# proof terms for classical logic in natural deduction formulation

```
PROOF TERM ASSIGNMENT for CLASSICAL LOGIC in NATURAL DEDUCTION
FORMULATION

In this note we will define a proof term calculus for First Order
Classical Logic (CL) in a Natural Deduction Formulation (as can be
found in several recent papers of Michel Parigot). But instead of
using Parigot's mu-calculus we stick to a more traditional language
for proof terms, namely a fragment of Martin-Loef's Type Theory.
Actually it is a rather poor fragment. Besides \-calculus we simply
use the pairing function <_,_> (which is a constructor) and
Martin-Loef's eliminator pattern-matching. It is just the operator
defined by the semantics :

p => <a,b>  e[a,b/x,y] => c
-----------------------------
E(p , (x,y) e) => c

In a more traditional (SML-style notation one could write

let  <x,y> = p  in  e    instead of  E(p , (x,y) e)  .

Our proof term assignment is inspired by the negative polarity
fragment of Girard's LC. This gives rise to the following improved
~~-translation :

G(A) := ~ A*

where  (_)*  is defined inductively as follows :

A*  :=  ~ A    (A atomic)

(A=>B)* :=  G(A) and B*

(~ A)*  :=  ~ A*

(All x. A)*  :=  Exist x. A*

The translation (_)* has to be thought of as translating the
{=>,~,All} fragment of classical logic to the {and,~,Exist} fragment
of intuitionistic logic.  Notice that on the intuitionistic level
~ A := A -> R where R is a generic intuitionistic type representing
'falsity'.  The translation of a classical sequent

A_1 , ... , A_n  |-  B_1 , ... , B_m

to its intuitionistic counterpart is

G(A_1) , ... , G(A_n) , B_1* , ... , B_m* |- R

Now it is straightforward to have a proof term assignment for the
translations of classical to intuitionistic sequents.  Accordingly,

u1 : G(A_1) ,..., un : G(A_n) , k1 : B_1* ,..., km : B_m* |- p : R

we simply write

u1 : A_1 , ... , un : A_n  |- k1 : B1 , ... , km : B_m  |  p

Thus the turnstile simply serves as an indication of which formulas C
of the context are intended to represent the propositional type  G(C)
(namely those left of the turnstile) and which of the formulas C of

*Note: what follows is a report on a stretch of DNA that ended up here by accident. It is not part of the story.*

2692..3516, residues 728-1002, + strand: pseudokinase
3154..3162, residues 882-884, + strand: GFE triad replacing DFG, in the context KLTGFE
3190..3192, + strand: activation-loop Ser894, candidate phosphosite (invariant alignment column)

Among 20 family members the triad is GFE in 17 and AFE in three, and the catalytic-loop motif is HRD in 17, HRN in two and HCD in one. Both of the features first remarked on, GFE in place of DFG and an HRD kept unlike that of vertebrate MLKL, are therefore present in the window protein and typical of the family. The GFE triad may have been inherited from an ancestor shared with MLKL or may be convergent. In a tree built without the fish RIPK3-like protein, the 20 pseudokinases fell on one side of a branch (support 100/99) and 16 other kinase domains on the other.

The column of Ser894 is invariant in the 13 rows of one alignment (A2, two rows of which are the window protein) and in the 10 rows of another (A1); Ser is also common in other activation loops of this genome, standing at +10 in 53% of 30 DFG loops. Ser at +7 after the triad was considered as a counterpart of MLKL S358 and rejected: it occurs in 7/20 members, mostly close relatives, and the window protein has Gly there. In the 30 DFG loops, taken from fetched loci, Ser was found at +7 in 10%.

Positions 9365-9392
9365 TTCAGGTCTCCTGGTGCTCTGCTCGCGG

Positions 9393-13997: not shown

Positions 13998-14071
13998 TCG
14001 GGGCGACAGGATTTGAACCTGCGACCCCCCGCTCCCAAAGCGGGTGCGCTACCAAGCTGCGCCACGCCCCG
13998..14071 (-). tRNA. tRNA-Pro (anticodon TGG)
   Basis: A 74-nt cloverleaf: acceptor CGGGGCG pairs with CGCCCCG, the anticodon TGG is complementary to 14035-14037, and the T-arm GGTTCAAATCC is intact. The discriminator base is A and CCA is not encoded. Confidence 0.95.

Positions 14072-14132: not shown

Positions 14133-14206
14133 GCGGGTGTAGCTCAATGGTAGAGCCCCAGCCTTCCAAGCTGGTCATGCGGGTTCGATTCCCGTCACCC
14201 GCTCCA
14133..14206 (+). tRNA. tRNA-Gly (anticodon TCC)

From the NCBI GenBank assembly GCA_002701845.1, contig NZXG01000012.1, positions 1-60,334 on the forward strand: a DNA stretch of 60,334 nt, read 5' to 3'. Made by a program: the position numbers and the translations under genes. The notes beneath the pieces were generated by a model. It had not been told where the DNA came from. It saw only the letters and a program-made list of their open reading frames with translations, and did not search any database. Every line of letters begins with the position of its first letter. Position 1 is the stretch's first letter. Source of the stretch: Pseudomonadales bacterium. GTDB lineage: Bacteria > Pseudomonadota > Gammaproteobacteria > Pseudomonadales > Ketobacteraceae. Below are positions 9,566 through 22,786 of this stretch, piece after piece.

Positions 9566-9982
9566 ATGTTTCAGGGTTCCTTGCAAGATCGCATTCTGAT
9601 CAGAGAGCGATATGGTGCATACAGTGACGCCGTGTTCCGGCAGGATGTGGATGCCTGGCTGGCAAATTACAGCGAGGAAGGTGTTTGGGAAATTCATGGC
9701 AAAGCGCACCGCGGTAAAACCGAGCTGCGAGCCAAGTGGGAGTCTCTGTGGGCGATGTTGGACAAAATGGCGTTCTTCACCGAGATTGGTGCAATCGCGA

the context are intended to represent the propositional type  C* .

Thus from the term assignment for proofs in intuitionistic first
order logic we immediately get the following proof term assignment
calculus for first order classical logic :

(=>I)        Gamma , u : A |- k : B , Delta | p
----------------------------------------------
Gamma |- w : A => B , Delta | E(w, (u,k) p)

(=>E)      Gamma |- k : A => B , Delta | p

Gamma |- h : A , Delta | q
-------------------------------------------
Gamma |- w : B , Delta | (\k.p) <\h.q,w>

(~I)           Gamma , u : A |- Delta | p
--------------------------------
Gamma |- u : ~ A , Delta | p

(~E)       Gamma |- k : ~ A , Delta | p

Gamma |- h : A , Delta | q
------------------------------------
Gamma |- Delta | (\k.p) (\h.q)

(All-I)    Gamma |- k : A[x] , Delta | p
-----------------------------------------------
Gamma |- w : All x. A , Delta | E(w, (x,k) p)

(All-E)    Gamma |- k : All x. A , Delta | p
--------------------------------------------
Gamma |- w : A[t/x] , Delta | (\k.p) <t,w>

Thomas Streicher

P.S.  Our work seems to be strongly related to seminal work of Chet
Murthy. He probably knows all that. But in his LICS'90 paper there is
missing an explicit proof term assignment calculus (I guess it is
assumed implicitly).

Maybe the observations above could serve as a basis to provide
Parigot's mu-calculus with a more traditional semantics translating
terms of the mu-calculus to a fragemt of Maertin-Loefs type theory.

```